Polarization, growth and social policy. The case of Israel, 1997 to 2008
AbstractIn this paper we apply the methodology developed by García-Fernández and Palacios-González (2008,2009) based on multiresolution analysis, to the measurement of polarization to Israeli income data over the past decade. This methodology allows us, in contrast to other polarization measures, to detect sub-populations empirically as incomes concentrated around an optimal number of micropoles. Based on this procedure a polarization measure is developed, consisting of three components: an indicator of alienation and identification; the number of income classes and the distribution of the sizes of the groups. The proposed approach allows us to study polarization beyond mere income class membership, by including ethnic-cultural, individual, family and other demographic characteristics by means of a Probit analysis. The identification-alienation index fluctuated around two sub-periods - the first, showing an increase in identification-alienation from 2001 to 2004, coinciding with the harsh socio-economic policy during that period, and the second, showing a sharp decline, during the period of rapid economic growth (2005 to 2008). The increase in the size of the middle class - reducing polarization - and the decreasing number of classes - raising it - had offsetting effects on the overall index which has been relatively stable over the observation period. The Probit analysis reveals that belonging to the Haredi (Jewish Ultra-orthodox) community sharply raises their probability of belonging to the low income group. Being Arab yields a similar though less pronounced result. Furthermore, group-related characteristics of labor-force participation and small family size increase the chances of belonging to a higher income group.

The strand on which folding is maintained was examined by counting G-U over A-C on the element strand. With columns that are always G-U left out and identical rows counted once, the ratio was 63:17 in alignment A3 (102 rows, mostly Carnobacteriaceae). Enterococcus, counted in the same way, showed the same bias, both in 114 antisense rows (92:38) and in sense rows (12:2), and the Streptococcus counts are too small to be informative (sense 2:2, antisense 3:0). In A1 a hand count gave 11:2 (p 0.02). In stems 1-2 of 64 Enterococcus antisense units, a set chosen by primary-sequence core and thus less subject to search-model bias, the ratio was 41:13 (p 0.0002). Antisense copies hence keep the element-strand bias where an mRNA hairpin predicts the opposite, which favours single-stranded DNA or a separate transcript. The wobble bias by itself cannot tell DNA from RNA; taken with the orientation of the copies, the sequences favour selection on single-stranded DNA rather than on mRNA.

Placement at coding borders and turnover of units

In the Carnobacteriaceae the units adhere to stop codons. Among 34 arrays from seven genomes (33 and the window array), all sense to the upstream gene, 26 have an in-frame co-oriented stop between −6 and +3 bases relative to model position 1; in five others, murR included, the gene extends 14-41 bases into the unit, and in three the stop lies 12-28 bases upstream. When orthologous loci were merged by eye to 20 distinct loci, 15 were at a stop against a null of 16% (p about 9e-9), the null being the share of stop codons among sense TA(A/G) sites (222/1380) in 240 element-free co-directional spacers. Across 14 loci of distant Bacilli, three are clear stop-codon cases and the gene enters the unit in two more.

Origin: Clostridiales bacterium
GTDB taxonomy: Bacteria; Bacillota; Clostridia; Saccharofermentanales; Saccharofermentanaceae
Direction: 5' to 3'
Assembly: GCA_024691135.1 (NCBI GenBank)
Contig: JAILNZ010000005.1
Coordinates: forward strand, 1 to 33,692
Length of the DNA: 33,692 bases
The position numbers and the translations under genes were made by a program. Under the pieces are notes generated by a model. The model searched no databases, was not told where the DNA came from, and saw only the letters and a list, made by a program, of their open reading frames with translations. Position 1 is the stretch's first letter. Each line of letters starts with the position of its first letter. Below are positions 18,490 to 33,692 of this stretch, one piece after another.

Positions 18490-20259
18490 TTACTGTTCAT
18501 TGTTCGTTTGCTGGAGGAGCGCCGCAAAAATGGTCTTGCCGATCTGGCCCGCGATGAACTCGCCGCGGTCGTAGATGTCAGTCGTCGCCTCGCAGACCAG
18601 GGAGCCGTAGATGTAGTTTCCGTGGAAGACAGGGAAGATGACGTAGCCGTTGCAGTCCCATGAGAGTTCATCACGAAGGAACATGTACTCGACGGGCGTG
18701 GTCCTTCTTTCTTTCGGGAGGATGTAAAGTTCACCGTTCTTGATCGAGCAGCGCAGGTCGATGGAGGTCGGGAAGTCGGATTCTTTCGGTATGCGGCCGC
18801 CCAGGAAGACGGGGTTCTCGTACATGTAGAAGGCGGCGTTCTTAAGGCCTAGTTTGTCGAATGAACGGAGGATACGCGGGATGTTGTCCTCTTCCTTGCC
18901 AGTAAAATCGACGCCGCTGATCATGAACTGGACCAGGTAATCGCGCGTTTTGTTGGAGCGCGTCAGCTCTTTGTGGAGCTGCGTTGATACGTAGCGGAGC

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Bibliographic InfoPaper provided by ECINEQ, Society for the Study of Economic Inequality in its series Working Papers with number 191.
Length: 32 pages
Date of creation: 2011
Date of revision:
Polarization; poverty; multiresolution analysis.;
Find related papers by JEL classification:
- H54 - Public Economics - - National Government Expenditures and Related Policies - - - Infrastructures
- I21 - Health, Education, and Welfare - - Education - - - Analysis of Education
- I3 - Health, Education, and Welfare - - Welfare and Poverty
- J1 - Labor and Demographic Economics - - Demographic Economics
- O15 - Economic Development, Technological Change, and Growth - - Economic Development - - - Economic Development: Human Resources; Human Development; Income Distribution; Migration
- O53 - Economic Development, Technological Change, and Growth - - Economywide Country Studies - - - Asia including Middle East
This paper has been announced in the following NEP Reports:
- NEP-ALL-2011-01-23 (All new papers)
- NEP-ARA-2011-01-23 (MENA - Middle East & North Africa)
- NEP-CWA-2011-01-23 (Central & Western Asia)
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